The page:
Clarinetist, composer, theorist, and software designer Matt Ingalls foresees a brave new world in which advanced digital sound reproduction systems will obliterate the way we currently experience music -- a future where "no sound coming out of loudspeakers could ever be trusted (or even considered) to originate from some human source." Hoping that this post-karaoke transformation will impel renewed interest in live acoustic performance, Ingalls has put together "Y2K," a concerto and group by the same name, to explore a possible scenario of this imminent collision of concepts.
One of the more ambitious younger-generation improvisers on the scene since 1994, the recent Mills College grad is both an active performer and grass-roots organizer. He has worked with many of the Bay Area's veteran jazz and new-music leaders, co-hosted the experimental concert series "East Bay Creative Music Festival," and founded the "ba-improv" e-mail discussion list, which circulates community-building ideas, info, and debate. And, in the past few years, he has penned dozens of compositions, largely to flex extended techniques on solo clarinet, and designed interactive software that enables a computer to improvise along with performers.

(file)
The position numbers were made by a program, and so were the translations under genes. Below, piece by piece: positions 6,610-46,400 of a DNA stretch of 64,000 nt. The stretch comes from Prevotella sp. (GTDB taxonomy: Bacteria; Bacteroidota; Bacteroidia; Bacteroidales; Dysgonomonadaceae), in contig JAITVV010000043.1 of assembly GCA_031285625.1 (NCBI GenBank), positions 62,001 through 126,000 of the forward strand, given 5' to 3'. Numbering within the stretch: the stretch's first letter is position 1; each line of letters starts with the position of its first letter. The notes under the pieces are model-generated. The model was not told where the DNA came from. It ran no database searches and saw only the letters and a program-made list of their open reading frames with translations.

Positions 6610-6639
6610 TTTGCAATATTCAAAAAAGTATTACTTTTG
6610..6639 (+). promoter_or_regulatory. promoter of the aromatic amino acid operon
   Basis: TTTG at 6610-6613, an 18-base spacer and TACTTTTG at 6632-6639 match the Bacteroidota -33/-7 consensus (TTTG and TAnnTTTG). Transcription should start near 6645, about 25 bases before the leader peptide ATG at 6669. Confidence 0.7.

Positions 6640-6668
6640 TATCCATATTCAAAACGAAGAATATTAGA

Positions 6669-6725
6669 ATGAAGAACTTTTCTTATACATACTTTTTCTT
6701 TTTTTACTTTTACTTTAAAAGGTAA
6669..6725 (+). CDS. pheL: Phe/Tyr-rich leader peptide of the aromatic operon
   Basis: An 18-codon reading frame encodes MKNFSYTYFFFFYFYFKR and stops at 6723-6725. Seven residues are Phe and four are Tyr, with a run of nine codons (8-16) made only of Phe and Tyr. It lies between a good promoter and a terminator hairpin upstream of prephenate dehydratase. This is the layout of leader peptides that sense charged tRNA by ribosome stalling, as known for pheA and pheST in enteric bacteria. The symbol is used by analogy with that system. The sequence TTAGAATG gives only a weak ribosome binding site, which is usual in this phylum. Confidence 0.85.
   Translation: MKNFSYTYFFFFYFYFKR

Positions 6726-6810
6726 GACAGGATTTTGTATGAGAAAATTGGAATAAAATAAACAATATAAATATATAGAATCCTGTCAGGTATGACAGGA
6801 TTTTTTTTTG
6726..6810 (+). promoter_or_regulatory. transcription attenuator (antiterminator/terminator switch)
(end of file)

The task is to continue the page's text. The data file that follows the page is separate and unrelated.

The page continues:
Though electronics will not figure into the mix for "Y2K," the artist says his work in this medium has greatly influenced his "way of thinking about the structure, timbre, and reproduction methods of the music." Ingalls plans to trip up his ensemble cast of skilled twentysomethings (including saxophonists Brian Kane and John Ingle, and bassist Ashley Adams) with a densely notated score of algorithmic improv passages and sections that are intentionally "too hard to sight read." He expects to force a "crash" in the musicmaking, akin to the Y2K bug, and eagerly awaits the fallout.